Philo made an alteration to the house in the Place Dauphine for Romelle. He had once planned the change for her mother, but set it aside when Beth married Bart.
Skylights were cut through the peppercorn tiles of the roof to make a large, sunny room of the once musty garret above his study. Two front windows looked down on the Place, and also gave a lovely view of the city beyond. He had planned it as a painting studio, but with the addition of a small bathroom, a dressing room, a cozy sleeping alcove, and a fireplace, it made an ideal suite for Romelle.
The alcove, designed to suggest a sultana's tent, was a gift from Eugénie, who adapted it from Josephine's semi-circular bed chamber at Malmaison. Ormolu ribs supported crimson velvet hangings from the ceiling to the floor. They curved upward and inward to a dome-like circle at the center of the ceiling painted to represent a cloud-strewn sky. The large figure of a golden eagle held with its talons the framework of a canopy hung with swags of gold velvet to drape around the bed. The nook constituted a work of art.
The walls of the studio and sitting area at the front displayed paintings by Beth. Also hanging were several works presented to Beth by her famous Impressionist friends, including two from her one-time teacher, Pierre Auguste Renoir.
Although she loved them all, Romelle gave places of honor to her mother's own exquisite study of Bart, and to a vivid neo-Impressionist canvas of Beth herself, painted by Georges Seurat. She placed them together above the fireplace mantel.
Romelle loved to dabble at painting on her mother's old easel, standing on a chair to reach the tops of the large canvases she preferred to use. It was a great day in the household when she announced that she was tall enough to take the chair away. She was then fourteen, in attitude and appearance almost a woman.
She maintained a steady correspondence with Kathy through all those years, continuing to beg her to come over from Baltimore and "become a jeune parisienne, like me."But Kathy was of a less adventurous spirit and chose to remain at home with her parents.
Philo had time and again offered Bridget and Michael opportunities to visit abroad and would have been delighted to welcome Kathy as a permanent companion and schoolmate for Romelle.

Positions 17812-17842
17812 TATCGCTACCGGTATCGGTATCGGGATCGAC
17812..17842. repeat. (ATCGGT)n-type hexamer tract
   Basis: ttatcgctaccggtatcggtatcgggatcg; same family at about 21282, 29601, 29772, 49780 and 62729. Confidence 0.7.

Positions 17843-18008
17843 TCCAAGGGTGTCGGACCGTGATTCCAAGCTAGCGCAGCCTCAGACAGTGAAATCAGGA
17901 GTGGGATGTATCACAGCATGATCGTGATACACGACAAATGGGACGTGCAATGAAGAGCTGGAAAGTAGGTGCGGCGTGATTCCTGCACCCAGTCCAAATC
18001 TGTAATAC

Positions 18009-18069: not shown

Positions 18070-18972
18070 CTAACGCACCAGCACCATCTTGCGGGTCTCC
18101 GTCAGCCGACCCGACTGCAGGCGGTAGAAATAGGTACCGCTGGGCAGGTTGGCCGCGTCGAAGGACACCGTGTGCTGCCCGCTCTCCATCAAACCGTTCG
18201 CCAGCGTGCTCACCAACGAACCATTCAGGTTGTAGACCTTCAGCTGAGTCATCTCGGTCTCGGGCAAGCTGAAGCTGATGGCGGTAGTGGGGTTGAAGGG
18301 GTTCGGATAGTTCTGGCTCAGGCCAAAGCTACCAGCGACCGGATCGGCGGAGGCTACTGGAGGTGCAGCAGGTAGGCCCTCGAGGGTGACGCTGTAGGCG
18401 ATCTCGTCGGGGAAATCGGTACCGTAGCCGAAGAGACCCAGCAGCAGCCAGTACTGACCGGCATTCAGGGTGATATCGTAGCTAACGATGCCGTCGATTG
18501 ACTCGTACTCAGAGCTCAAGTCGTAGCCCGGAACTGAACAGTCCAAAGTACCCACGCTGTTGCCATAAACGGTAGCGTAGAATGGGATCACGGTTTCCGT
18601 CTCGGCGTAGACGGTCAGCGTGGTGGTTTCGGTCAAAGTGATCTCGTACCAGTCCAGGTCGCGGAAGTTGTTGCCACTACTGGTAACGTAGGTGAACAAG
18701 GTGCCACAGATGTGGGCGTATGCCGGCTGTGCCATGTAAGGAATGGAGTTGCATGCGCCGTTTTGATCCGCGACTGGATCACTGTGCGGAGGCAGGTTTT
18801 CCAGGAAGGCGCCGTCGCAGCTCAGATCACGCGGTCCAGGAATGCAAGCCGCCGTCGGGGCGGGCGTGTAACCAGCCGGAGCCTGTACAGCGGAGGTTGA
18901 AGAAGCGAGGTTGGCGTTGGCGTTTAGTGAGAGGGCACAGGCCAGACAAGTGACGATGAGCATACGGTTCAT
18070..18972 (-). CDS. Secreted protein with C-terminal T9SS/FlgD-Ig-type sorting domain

"If there were not an ocean between America and France, I would accept the invitation," Bridget wrote back. "But I found when I came over from Ireland as a young girl that the sea and me are not good friends. Besides, if you think I would turn my husband loose in Paris, Cap'n, well, you do not know me!"
Dora had recovered fully, but for a troublesome backache when the weather turned cold, and had elected to stay on at the North Charles Street house instead of going back to Boston.
"I've no family there anymore," she wrote to Philo when the decision was made, "an' after what I went through, I guess I've earned the right to call North Charles me home. Bridget needs me about the house, an' I must have somethin' to do. I thank you, sir, fer all the money you wanted me to have, an' I'd like you to know I've put it away fer me dowry if it ever comes to that!"
Eventually, it did come to that. Dora married Harold, the butler, in 1902, two years after the death of his wife, Hattie, the cook.
On the eve of Philo and Romelle's departure from Farnborough Hill after a week-long visit to the Empress Eugénie on the occasion of her seventy-sixth birthday in May 1902, catastrophic news came from Martinique.
Both Eugénie and Philo were immediately reminded of an earlier occasion, on Romelle's third birthday in 1889, when Pierre Bontay had spoken of a prophecy foretelling the event.
"I once witnessed a voodoo ritual on the slopes of our dormant volcano, Mont Pelée," he had said then. "An 'old one' from the spirit world spoke through a woman, warning that the mountain would waken one day and destroy us all!"